With that, I get to my review, and while I won’t directly spoil the book, I could be giving enough information that other readers might feel I spoiled it.

This book picks up a few weeks after the events of the last book. This means prohibition is in full swing and the threat of a mob war lingers. Even with the threat to Feirie gone, Feirie has not let Nick go and still meddles. Nick returns to doing what he does—dealing with Feirie trespassers—and avoids Claryce, which is one of my issues with the book.

Nick is fifteen hundred years old. He would have seen many strong women in that time, and attitudes toward women go up and down throughout history. Indeed, he thought highly of his own Cleolinda from his mortal life. However, he treats Claryce no different than many men of the time treated women. He’s not telling her the whole truth, he’s trying to protect her and keep her out of danger, and he’s taking some choices from her about when she can help or not. I get it. He doesn’t want to lose Claryce, nor Cleolinda’s reincarnation. It annoys me because I take it as a lack of trust on his part that she will do what she can and not try to do too much.

Claryce is trying to clear up some business from her former employer, including selling old properties. One person interested in those properties has Nick on edge and worried that Claryce is going to be pulled into his world again. Here is my spoiler and what it did to me. Unfortunately, I recognized the buyer’s name, and if you do not recognize it, I suggest you not Google it. The first half of the book is finding out the identity of the buyer and because I knew, it made the book a tougher read than it should have been. This is one of those times when the author’s use of detail works against him.

badge4v5Once that was done, though, this was a great read. The same details that were spoilers for me do pull me into the story later. His use of slang via Fetch helps immersion, as does his use of the everyday terms for appliances back then. I’m still fascinated by the realm of Feirie that the author has created and how it works. I want a bit more detail but not so much that the mystery is gone!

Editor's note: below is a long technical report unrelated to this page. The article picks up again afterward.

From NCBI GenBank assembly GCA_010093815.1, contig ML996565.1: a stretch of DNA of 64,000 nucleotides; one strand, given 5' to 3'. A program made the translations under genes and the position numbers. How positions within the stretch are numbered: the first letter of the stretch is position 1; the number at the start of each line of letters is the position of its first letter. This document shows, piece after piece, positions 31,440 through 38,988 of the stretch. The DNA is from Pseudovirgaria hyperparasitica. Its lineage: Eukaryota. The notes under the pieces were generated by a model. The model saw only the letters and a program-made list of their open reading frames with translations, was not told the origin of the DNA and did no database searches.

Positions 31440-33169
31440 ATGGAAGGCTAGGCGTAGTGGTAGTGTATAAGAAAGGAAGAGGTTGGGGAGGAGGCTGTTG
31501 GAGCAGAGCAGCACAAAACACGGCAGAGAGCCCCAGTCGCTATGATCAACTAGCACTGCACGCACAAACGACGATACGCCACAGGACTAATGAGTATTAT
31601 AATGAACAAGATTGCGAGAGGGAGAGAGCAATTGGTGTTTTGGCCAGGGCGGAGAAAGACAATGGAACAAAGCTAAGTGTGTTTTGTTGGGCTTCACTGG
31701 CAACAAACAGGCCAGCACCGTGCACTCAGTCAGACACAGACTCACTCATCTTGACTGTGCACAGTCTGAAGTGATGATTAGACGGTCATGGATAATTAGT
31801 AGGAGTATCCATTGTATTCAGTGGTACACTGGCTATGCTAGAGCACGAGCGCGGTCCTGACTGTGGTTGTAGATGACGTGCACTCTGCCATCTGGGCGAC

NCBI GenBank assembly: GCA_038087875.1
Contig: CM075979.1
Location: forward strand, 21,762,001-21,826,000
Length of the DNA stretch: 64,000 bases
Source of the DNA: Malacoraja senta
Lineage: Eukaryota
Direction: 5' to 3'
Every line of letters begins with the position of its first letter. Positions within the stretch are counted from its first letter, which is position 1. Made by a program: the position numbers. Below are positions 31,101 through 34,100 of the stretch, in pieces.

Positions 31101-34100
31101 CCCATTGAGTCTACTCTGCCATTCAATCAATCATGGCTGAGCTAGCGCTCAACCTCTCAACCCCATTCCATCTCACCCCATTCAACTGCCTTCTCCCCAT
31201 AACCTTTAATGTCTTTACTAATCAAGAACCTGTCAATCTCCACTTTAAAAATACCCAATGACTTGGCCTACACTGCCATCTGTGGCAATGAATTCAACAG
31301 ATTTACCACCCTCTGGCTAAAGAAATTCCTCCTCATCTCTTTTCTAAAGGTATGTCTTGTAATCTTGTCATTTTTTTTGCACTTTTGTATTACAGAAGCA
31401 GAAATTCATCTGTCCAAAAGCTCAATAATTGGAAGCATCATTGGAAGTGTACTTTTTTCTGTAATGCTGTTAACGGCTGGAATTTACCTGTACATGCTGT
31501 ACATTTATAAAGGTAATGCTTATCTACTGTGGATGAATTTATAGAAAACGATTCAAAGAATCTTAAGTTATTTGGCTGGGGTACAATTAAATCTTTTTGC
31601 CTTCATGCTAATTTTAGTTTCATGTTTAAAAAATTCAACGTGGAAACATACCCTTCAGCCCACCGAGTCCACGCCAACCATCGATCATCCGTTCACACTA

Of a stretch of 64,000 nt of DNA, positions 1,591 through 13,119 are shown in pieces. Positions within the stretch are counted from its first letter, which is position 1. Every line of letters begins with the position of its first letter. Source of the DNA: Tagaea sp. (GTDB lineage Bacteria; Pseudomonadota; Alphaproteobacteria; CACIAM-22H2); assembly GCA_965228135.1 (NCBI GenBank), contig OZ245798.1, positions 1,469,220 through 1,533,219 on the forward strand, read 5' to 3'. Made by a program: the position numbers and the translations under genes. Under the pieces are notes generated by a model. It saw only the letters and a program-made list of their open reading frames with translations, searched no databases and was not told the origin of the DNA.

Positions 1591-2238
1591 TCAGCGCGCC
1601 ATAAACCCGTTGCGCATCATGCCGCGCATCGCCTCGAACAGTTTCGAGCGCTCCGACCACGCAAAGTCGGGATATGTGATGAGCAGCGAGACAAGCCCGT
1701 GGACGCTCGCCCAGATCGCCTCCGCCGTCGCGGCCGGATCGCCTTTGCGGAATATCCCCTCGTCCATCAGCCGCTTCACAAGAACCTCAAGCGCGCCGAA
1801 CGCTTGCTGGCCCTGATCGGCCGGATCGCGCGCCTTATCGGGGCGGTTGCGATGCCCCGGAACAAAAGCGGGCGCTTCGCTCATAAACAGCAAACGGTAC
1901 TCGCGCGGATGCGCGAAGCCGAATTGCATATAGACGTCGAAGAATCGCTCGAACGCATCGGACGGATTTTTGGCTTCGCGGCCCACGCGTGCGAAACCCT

Even with the spoiler, I give this a solid four. I don’t think it would have gotten a five because Nick’s attitude toward Claryce still grates on me, but this is a good book.

Our reviews in this series…

Other recommendations

For another 1920’s urban fantasy, check out Ari Marmell’s Mick Oberon series.

I received an ARC or review copy of this book from the author/publisher. All opinions are my own.

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About Invested Ivana

I'm currently a freelance line editor, a book blogger at One Book Two, and lifetime reader. I like geeky things. All opinions expressed on this site are my own and do not reflect the opinions of Red Adept Editing or any of my clients, the other reviewers on this site, or this site as a whole.

Posted on March 7, 2017, in 4-Good, 5-Great, Invested Ivana, Percy Procrastinator, Review, Urban Fantasy and tagged . Bookmark the permalink. Leave a comment.